Your human resources department, or HR, is a vital part of your business. These professionals should act as intermediaries between the business and the employees. They should keep the staff satisfied without hurting the bottom line.
How do you know if your HR department is doing the right things? A balanced scorecard in human resource management can help. These visual representations ensure that the HR department meets its goals.
What is an HR Scorecard?
Like rubrics in school, scorecards give HR professionals defined goals and metrics for measuring success. A successful scorecard should be easy to read and understand. Great communication can help your HR team understand the expectations you have and stay on track to meet those objectives.
On the scorecard, be sure to include goals for any part of HR that impacts the business as a whole. While this certainly includes financial aspects, you should also use other metrics. For example, you may have a section of the scorecard meant for hiring. You may include information such as the costs per new hire as well as time spent with vacancies.
The Parts of a Balanced Scorecard
Each section of your people scorecard should include four distinct parts: the objective, description, actions and measures. The objective should concisely state the goal of the section. In the description, you can expand on the objective. Explain what success looks like and what the HR team's role is in meeting the expectation.
The actions further expand on what you expect the HR team to do as they work toward the objective. These should be specific and measurable actions. You should not include vague ideas like, "make our company a better place to work." That example would be an objective, not an action.
Finally, you should include ways that you will measure the success of the initiatives. While you should include cost-associated metrics, you should also consider other measurements. This is where the balance comes in.
You can organize these parts in any way that makes sense for your business. The important thing is to communicate each of these pieces for each goal succinctly.
A Scorecard Example
Objective: To reduce workers' compensation spending.
Description: Develop worker safety programs to decrease workplace injuries and costs from compensation settlements.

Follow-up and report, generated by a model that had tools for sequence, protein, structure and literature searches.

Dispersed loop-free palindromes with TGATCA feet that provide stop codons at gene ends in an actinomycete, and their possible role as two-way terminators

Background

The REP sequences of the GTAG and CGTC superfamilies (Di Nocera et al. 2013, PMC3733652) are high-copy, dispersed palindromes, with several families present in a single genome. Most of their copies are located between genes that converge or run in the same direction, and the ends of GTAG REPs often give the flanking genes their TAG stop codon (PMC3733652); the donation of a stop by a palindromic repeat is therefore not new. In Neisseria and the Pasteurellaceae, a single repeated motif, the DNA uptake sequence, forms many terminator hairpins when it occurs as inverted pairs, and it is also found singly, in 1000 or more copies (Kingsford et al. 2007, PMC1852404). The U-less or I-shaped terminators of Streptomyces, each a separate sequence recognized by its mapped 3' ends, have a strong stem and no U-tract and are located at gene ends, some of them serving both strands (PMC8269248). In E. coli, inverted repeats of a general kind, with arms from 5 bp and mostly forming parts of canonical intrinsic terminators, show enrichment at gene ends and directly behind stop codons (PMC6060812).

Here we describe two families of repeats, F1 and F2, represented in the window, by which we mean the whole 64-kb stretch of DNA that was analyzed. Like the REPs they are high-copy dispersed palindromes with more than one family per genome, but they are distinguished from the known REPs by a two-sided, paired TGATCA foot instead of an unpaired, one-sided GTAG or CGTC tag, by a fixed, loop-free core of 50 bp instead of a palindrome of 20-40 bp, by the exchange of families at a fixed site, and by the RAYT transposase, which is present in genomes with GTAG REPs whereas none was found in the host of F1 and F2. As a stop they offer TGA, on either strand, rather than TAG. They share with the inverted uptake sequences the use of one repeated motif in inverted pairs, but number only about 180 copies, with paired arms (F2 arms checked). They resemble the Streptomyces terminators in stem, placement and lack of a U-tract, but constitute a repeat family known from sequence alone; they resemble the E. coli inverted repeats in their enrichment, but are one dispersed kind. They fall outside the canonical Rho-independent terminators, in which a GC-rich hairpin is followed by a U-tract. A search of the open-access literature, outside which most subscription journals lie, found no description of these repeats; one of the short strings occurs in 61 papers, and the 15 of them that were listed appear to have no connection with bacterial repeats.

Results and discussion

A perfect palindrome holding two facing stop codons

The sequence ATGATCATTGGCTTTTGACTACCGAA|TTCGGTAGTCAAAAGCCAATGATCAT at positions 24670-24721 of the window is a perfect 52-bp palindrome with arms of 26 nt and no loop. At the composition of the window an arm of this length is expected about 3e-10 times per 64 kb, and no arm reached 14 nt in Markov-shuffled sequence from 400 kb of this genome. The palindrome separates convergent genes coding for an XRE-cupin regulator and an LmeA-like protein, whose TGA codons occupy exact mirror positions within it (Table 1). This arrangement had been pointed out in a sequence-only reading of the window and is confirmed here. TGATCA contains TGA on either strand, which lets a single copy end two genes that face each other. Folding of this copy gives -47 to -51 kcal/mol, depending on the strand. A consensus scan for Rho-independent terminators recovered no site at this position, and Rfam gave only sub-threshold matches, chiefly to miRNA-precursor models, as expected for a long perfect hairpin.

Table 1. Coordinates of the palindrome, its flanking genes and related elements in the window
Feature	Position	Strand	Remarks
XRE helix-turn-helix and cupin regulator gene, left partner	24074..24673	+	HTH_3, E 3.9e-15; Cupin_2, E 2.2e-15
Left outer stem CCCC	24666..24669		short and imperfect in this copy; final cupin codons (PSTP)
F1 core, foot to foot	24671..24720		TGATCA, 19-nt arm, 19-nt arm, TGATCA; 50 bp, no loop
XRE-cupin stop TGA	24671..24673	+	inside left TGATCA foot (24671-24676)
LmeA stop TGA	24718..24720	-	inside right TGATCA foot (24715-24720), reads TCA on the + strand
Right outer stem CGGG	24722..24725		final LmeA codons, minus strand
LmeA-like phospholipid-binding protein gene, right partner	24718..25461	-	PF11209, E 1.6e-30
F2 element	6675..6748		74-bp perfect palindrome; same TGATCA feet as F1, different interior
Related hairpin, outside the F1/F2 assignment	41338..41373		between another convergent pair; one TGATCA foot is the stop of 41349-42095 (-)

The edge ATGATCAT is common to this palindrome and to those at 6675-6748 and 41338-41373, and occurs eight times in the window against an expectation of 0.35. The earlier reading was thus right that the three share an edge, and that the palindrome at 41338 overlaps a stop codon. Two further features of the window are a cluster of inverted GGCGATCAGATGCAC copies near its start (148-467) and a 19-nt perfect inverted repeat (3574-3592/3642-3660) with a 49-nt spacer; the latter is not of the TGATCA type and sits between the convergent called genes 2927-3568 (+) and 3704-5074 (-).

Actions: Identify the most common causes of workplace injuries.
Develop training programs that directly address these dangers.
Ensure each employee and new hire receives proper training.
Measures: Reduce annual worker compensation spending to $X,XXX.
Limit workplace injuries to X per year.
Include the Right Objectives
There's more to creating an effective HR scorecard than completing each section. Leaders should first ensure that each objective works toward an overarching business goal. Do not give your HR team 'busy work' or accidentally have them work against your plan.
Remember that meeting objectives in one area may hurt another area. For example, you may want to decrease turnover. However, without the right strategy and data, this could negatively impact your customer relations. If customers seem to dislike or react poorly to a team member, it's probably not worth it to keep him around for the sake of reducing turnover.
While reducing turnover should be a part of your scorecard, ensure that the actions and measures are reasonable. If it is significant to your business plan, include it in the scorecard, but do so wisely.
Use the data you have on your business, customers, employees and industry to determine what objectives you should include. Data is helpful to guide your business, and an HR objective can help you create specialized plans. Furthermore, this fact-based approach gives you more credibility with your HR team.
When you think about the objectives you want to set, focus on several areas of your business. Think about your company's finances, internal relations, reputation with customers and overall growth.